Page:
It has become well-established that individuals are affected by crises and disasters to different extents and that, simply put, the marginalised and minority populations are ‘hit the hardest’. There are numerous examples of double injustices whereby certain individuals are marginalised and experience higher levels of poverty due to social, gender, sexuality, or cultural norms and are therefore more susceptible to the effects of climate change. Capp shared specific examples in the case of women and girls. Women tend to have limited access to and control of resources such as mobile phones, cash transfers, and insurance mechanisms. These resources are important during crises as they foster disaster resilience and recovery. Additionally, women and girls can be faced with lose-lose situations. For example, on one hand, there may be barriers to mobility for leaving their home and on the other, they may face gender-based violence risks in shelters if there are inadequate divisions or security considerations. These limitations are reflected in disaster statistics, such as the 2014 earthquake and tsunami in Indonesia whereby females accounted for two-thirds of the deaths. So, this leads to bigger questions such as how does the shelter sector deal with the underlying reasons and situations which have created such vulnerabilities within its humanitarian response?
Intersectionality and Labels
The use of the ‘intersectionality’ concept, which can recognize personal identities and characteristics, is offered as a framework to understand how different groups experience vulnerability, exposure, and resilience. However, this is not an easy task. Kett observed that even when the intersectionality framework is used within humanitarianism, there is still the presence of ‘silo-ing’ and that the sector does not “necessarily have the tools yet to really operationalise this on the ground.”. The categorisations of gender, sexuality, age, disability, etc., disenable an individual from being truly reflected. It can lose nuances such as a woman who is queer, elderly, and has hearing difficulties. Moreover, it does not necessarily measure vulnerabilities comparatively. For example, a man with a disability can be less marginalised than a woman without in some social contexts. The context of where the humanitarian assistance is being delivered is crucial to understand.
There needs to be careful consideration of how these individual characteristics are being termed, framed, and assessed; that the labelling does not further emphasise the marginalisation or difference from what is considered ‘mainstream’ or ‘acceptable’ within certain norms. Kate Crawford, a panellist from the preceding Humanitarian Institute Evening Conference, noted that labelling can place the vulnerability onto the individual, instead of recognising that it is the societal system that has created vulnerabilities for them. Additionally, there is a danger that labels may create further risks for individuals; for example, if the national state does not recognise an ethnicity. This leads to several ethical questions. How willing are people to be (self-) enumerated? What if an individual has a ‘characteristic’ they are able or want to hide, but it is a determinant of being more vulnerable?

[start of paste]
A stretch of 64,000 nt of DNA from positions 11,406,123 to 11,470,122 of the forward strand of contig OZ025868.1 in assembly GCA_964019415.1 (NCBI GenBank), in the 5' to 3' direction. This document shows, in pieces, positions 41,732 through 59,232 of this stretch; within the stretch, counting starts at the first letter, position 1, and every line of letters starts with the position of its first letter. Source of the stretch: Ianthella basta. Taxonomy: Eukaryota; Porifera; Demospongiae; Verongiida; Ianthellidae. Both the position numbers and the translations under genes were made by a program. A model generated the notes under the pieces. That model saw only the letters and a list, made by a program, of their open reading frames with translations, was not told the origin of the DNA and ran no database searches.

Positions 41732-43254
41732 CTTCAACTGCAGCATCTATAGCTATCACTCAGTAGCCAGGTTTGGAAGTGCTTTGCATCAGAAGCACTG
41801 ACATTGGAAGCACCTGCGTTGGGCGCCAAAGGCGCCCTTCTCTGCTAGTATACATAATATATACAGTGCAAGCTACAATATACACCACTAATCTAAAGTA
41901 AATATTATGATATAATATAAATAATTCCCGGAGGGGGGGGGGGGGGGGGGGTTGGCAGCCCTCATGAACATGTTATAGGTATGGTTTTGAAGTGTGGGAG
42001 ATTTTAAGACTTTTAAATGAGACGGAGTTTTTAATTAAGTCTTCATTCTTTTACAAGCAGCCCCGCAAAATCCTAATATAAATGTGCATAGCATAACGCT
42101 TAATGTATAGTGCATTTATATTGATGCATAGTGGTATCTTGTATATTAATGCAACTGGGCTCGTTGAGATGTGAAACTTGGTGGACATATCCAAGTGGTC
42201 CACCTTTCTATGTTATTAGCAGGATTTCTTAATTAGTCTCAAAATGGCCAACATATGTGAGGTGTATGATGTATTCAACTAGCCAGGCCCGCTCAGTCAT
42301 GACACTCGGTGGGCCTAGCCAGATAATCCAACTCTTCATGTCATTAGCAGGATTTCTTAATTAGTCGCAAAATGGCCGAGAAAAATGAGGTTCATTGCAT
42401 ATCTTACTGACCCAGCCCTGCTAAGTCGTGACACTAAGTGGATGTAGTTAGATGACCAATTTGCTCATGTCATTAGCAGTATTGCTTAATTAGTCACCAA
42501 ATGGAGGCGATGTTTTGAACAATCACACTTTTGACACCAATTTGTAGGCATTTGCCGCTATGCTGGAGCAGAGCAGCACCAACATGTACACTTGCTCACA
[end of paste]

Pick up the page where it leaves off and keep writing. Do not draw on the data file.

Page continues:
These discussions raise questions about how to put into practice the first commitment of the Climate Charter on supporting those most at risk whilst accounting for individual characteristics and situations, as well as the third commitment on inclusive participation of people in humanitarian programmes. From the opinions shared by the panellists, there are currently few success stories of vulnerable people or minority groups being meaningfully included in wider humanitarian responses, expect where the specific aim of the project had a particular focus on inclusion. However, there remains only limited inclusion mainstreaming in humanitarian projects. Moreover, inclusion frameworks are largely missing in disaster policies. Blanchard identified that there are presently six countries that actively include LGBTQIA+ people in disaster risk reduction (DRR) policies. Additionally, the concept of inclusion is largely missing from the UNDRR Sendai Framework thus leaving a desert in disaster policies. So, what does this mean in terms of the humanitarian response to present and future disasters? How can we better represent inclusion frameworks within wider policies and, most importantly, ensure their application on the ground?
The panellists shared that there is still an opportunity for using the intersectionality framework when well applied, as it can collect representative data of the diversity in our communities. Moreover, intersectionality can also identify tools and knowledge that communities need to respond to vulnerabilities and foster resilience. This would help to design appropriate humanitarian shelter responses for people in need. However, the intersectionality framework may face barriers. Some characteristics, such as ethnicity or sexual orientation, can be protected in one country and legal cause for persecution in another. Therefore, not all data sets represent the most marginalised or at-risk people. Social protection schemes, also known as public safety net programmes, have previously been used in humanitarian responses in the form of increased cash transfers or disability allowances to support more vulnerable individuals during disasters. However, if certain individuals are excluded from beneficiary lists (data sets), there is the danger that they are further marginalised during the humanitarian and disaster response. This example highlights how certain data presentations can lead to pitfalls of not reaching individuals most in need during disasters. Furthermore, it demonstrates the difficult task at hand for humanitarian assistance to reach those most at risk, whilst working with and respecting the sovereignty of the host nation. Therefore, it is paramount that attention is paid to how the data is collected and stored – especially for hyper-marginalised groups – as well as how data is analysed and used.